Sebastian’s secret weapon (and best friend) is the brilliant dressmaker Frances―one of only two people who know the truth: sometimes this boy wears dresses. But Frances dreams of greatness, and being someone’s secret weapon means being a secret. Forever. How long can Frances defer her dreams to protect a friend? Jen Wang weaves an exuberantly romantic tale of identity, young love, art, and family. A fairy tale for any age, The Prince and the Dressmaker will steal your heart.
First off, while I know my own opinions don’t matter in the grand scheme of Tournament of Books, I feel like I should state that graphic novels are not my favorite. That being said, there are several amazing things about The Prince and the Dressmaker. The originality behind this story hits the reader right away. By looking at the cover, you’d think that this is a type of “Cinderella” story where the prince stumbles upon the dressmaker, Frances, and falls for her, bringing her back to the castle for a makeover to easily infiltrate the society types. In reality, it’s Prince Sebastian who is the subject of the makeover and takes on his true identity as a woman. The book is full of conflict, both the obvious involving Sebastian’s double-life and the slowly growing conflict between Sebastian and Frances. The illustrations truly make this story come alive, excuse the cliche. It was exciting to see what new dresses Lady Crystallia would wear from page to page.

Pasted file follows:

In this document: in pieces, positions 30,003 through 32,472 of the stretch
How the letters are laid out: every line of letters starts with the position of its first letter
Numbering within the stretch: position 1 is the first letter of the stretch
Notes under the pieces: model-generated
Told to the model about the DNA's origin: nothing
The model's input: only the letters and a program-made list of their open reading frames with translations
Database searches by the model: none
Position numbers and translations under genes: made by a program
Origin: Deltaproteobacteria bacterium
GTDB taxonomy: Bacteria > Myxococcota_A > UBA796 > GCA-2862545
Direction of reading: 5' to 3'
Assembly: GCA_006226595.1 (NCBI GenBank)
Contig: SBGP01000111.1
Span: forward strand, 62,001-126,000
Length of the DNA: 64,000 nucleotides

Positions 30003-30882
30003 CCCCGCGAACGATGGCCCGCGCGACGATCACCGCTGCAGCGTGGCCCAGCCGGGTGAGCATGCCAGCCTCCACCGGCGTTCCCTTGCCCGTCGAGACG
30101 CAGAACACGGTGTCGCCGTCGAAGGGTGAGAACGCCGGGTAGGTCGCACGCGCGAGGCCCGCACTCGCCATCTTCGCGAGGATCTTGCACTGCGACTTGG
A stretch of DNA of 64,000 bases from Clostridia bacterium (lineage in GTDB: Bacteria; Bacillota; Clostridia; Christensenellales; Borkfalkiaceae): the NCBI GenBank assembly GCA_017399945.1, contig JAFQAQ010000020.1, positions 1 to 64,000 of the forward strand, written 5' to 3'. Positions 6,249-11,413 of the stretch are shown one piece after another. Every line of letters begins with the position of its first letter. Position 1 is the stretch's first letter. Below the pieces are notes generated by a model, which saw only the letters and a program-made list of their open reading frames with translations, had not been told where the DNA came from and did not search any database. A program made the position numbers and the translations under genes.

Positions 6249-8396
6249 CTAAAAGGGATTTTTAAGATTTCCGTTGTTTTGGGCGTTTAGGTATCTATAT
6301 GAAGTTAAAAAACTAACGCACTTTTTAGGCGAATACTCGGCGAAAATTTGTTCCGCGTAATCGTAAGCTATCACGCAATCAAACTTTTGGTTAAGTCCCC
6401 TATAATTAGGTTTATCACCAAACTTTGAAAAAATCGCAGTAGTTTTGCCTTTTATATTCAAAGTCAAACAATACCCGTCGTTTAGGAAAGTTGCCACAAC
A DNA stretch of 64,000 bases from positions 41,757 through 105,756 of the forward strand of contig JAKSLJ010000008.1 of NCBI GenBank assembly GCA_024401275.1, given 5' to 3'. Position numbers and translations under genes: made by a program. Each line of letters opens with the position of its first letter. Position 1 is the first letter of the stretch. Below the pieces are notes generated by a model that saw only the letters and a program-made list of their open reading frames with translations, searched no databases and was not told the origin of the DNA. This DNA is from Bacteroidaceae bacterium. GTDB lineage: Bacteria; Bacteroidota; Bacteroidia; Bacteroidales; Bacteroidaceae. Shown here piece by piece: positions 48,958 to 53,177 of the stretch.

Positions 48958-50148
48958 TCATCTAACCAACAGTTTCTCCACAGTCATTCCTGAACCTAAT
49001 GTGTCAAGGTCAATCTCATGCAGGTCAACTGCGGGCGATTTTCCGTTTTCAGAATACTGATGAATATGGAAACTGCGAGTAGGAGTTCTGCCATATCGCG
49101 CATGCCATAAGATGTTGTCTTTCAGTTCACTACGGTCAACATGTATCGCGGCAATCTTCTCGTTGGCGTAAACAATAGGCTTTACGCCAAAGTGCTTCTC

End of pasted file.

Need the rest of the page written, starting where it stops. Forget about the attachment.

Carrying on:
As for weaknesses, there’s the obvious one in which outing Sebastian is used as a plot point. Without revealing too much and spewing out a bunch of spoilers, I can see why she chose to include this, but I can see readers sensitive to this situation not wanting to read this one. The other weakness is more subjective. I think that the character of Frances could have been developed more. The reason I think that it can be viewed more as subjective is that my feelings might be because I just like Sebastian/Lady Crystallia more and pushed past Frances.
I would recommend this for graphic novel readers and non-readers. This story and the illustrations tell the story seamlessly. This is also an obvious recommendation for those looking for LGBTQ+ books, but once again, may be a triggering issue for some readers. Finally, I’d recommend this for those looking for a fairy tale turned on its ear.
Tagline: Forget your pumpkins and slippers, there’s a new Cinderella in town.
The Winner: The Prince and the Dressmaker by Jen Wang
It was a difficult decision to pick the best book from these two. I believe both of them will find many, many readers. While I usually wouldn’t choose a graphic novel over a novel, I feel I must this time. The Prince and the Dressmaker is the winner. Pride was great, but the originality in The Prince and the Dressmaker is what pushes it over the top. Pride is a familiar tale with a plot that we’ve seen before with different incarnations of characters. The Prince and the Dressmaker deserves to move on and battle another day.
Brandi Smits is the Youth Services Manager at the Orland Park Public Library. When not doing the library-thing, she is probably dying her hair, cross-stitching something, or reading books in breweries.